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GUNTY & McCARTHY convinces USDC Southern District of IL
Gunty & McCarthy has just obtained a dismissal pursuant to the court granting its motion to dismiss for lack of personal jurisdiction in the Muenstermann v. U.S. of A., Versar Inc., et al., case no. 16-CV-932-SMY-SCW 2017.04.20_Muenstermann_Order.pdf (206 KB). Defendant Versar is a foreign corporation with its state of incorporation and principal place of business located in Springfield, Virginia. Plaintiff had filed his wrongful death action on behalf of his deceased 23-year old son alleging that defendant caused a live mortar shell to be transferred from the U.S. Army’s National Training Center at Fort Irwin, CA to Granite City, IL. On August 25, 2014, the mortar shell exploded in Granite City, Illinois, killing plaintiff’s decedent. Defendant Versar argued that plaintiff failed to plead facts suggesting that Versar had any duty to render mortars inert as part of its range clearing activities at Fort Irwin. We argued all the points under Rule 12(b)(6) as well as Rule 12(b)(2) and the Daimler AG v. Bauman, 134 S.Ct. 759, 187 L.Ed.2d 624 (2014) decision and why plaintiff’s arguments were without merit in light of same. The court agreed, dismissing the plaintiff’s action at the conclusion of oral arguments. The court held that plaintiff’s claim, while the facts pled were admittedly thin, were enough to put Versar on notice under U.S. Sup. Ct. Rule 12(b)(6).
However, the court then held that plaintiff’s client could not satisfy the requirements set forth by the U.S. Supreme Court in Rule 12(b)(2) for personal jurisdiction. The court cited as the “paradigm bases for general jurisdiction”, the holding in Daimler, 134 S.Ct. at 761, i.e. “that the defendant must have “purposefully directed its activities at the forum state” and the cause of action must have arose out of or relate to the defendant’s contacts with the forum state.” Russell v. SNFA, 2013 IL 113909 Para.40, 987 N.E.2d 778, 787. Significantly, the court also held that the unilateral activity of a third party cannot subject a nonresident defendant to specific jurisdiction, even if the third party claims some relationship with that defendant. There must be some act by which “the “defendant purposefully avails itself of the privilege of conducting activities within the forum state, thus invoking the benefits and protections of its laws.” Citing Hanson v. Denckla, 357 U.S. 235, 253, 78 S.Ct. 1228, 2 L.Ed.2d 1283 (1958). In other words, a defendant is not subject to jurisdiction based merely on random, fortuitous or attenuated contacts – there must be a real relationship with the state with respect to the activities at issue. Citing N. Grain Mktg. LLC v. Greving, 743 F.3d at 487, 493 (7th Cir. 2014). The court held that these criteria were not satisfied notwithstanding plaintiff’s arguments that Versar engaged in “continuous and substantial business” in Illinois or that Versar had registered with the Secretary of State and maintained an agent for service of process in the state. The court relied on Daimler as changing Illinois’ prior reliance on those arguments to find jurisdiction and ultimately held that Versar was not “at home” in Illinois for purposes of general jurisdiction.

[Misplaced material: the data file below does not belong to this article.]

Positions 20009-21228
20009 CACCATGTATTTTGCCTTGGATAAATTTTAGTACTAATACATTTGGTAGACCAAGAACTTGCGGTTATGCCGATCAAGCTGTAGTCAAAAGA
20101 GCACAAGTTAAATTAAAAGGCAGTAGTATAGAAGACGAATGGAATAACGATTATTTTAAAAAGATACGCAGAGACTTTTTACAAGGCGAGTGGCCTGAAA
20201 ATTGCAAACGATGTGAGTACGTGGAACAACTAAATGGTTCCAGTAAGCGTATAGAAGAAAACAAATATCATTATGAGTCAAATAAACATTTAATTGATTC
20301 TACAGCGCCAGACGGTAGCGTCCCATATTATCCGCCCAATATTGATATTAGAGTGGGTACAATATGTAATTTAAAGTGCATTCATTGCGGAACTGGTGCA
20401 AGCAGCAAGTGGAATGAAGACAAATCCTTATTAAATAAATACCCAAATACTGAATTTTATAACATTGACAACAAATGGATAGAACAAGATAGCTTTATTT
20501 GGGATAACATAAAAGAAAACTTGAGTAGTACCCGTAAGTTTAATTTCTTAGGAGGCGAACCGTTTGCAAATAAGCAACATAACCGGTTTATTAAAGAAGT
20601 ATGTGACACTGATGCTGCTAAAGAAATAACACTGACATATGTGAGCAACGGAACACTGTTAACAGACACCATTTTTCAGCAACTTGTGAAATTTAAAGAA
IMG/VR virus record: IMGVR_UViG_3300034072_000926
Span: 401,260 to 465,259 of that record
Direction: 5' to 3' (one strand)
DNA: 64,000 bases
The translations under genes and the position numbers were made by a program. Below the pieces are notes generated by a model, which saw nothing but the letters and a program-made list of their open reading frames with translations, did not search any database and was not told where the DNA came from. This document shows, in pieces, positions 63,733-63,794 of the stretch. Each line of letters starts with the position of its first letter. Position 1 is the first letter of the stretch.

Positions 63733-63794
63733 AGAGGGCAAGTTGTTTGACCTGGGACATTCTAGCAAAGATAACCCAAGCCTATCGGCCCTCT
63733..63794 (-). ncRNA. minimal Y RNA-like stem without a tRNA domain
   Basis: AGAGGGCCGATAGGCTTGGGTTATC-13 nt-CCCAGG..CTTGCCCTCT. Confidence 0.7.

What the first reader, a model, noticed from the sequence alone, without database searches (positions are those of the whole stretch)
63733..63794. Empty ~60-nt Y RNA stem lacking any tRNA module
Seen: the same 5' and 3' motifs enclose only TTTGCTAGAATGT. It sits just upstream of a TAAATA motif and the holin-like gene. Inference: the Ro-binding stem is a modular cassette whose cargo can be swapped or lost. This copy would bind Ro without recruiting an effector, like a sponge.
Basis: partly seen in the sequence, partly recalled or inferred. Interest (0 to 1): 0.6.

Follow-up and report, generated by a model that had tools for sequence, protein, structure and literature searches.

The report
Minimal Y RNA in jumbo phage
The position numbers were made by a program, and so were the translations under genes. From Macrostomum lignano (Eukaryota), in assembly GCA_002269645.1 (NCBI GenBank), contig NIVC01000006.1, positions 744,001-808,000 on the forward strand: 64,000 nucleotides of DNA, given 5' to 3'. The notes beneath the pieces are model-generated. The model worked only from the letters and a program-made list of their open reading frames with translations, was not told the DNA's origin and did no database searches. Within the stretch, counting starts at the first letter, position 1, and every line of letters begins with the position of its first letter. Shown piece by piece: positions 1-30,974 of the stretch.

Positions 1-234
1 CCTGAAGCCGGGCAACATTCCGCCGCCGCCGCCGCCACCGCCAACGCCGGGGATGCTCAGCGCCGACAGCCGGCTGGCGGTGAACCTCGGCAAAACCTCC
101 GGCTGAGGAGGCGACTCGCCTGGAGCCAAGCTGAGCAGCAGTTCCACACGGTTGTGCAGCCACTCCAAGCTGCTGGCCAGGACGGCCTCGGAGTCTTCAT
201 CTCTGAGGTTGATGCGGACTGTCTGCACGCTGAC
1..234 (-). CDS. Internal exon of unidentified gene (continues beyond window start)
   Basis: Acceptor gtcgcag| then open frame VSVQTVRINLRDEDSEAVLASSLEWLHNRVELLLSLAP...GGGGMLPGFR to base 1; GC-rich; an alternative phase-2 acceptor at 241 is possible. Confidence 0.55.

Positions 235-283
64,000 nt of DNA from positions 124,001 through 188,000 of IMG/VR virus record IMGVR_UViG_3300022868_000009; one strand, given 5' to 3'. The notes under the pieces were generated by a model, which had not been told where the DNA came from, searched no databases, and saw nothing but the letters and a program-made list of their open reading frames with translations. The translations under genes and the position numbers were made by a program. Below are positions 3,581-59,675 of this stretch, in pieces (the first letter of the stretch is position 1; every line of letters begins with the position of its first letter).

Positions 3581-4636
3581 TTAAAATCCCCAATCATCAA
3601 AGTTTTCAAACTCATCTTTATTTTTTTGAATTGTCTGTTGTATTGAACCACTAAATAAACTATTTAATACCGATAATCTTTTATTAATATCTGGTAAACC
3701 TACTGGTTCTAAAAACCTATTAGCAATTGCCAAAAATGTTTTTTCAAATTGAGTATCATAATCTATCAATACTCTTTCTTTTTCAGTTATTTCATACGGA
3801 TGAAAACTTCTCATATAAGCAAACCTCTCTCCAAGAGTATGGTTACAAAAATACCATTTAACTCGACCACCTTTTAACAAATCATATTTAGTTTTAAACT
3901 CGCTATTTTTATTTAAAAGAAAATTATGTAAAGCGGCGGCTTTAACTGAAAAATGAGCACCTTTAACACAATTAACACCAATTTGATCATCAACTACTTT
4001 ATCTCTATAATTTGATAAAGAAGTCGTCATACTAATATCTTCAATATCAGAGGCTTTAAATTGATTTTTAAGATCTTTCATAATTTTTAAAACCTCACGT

The plaintiff had also argued that there was specific jurisdiction in Illinois because the explosion constituted a tort committed by Versar creating the necessary minimum contacts. The court held that that fact in and of itself was not enough to subject this defendant to jurisdiction but rather “the proper question is whether the defendant’s conduct connects him to the forum in a meaningful way.” Citing Walden v. Fiore, 134 S.Ct. 1115, 1125, 188 L.Ed.2d 23 (2014). Because Versar never contracted with the co-defendants nor were they involved in transporting the munitions to Illinois or the disposal of the materials here, their contacts were not seen as meaningful and consequently did not subject Versar to specific jurisdiction in Illinois.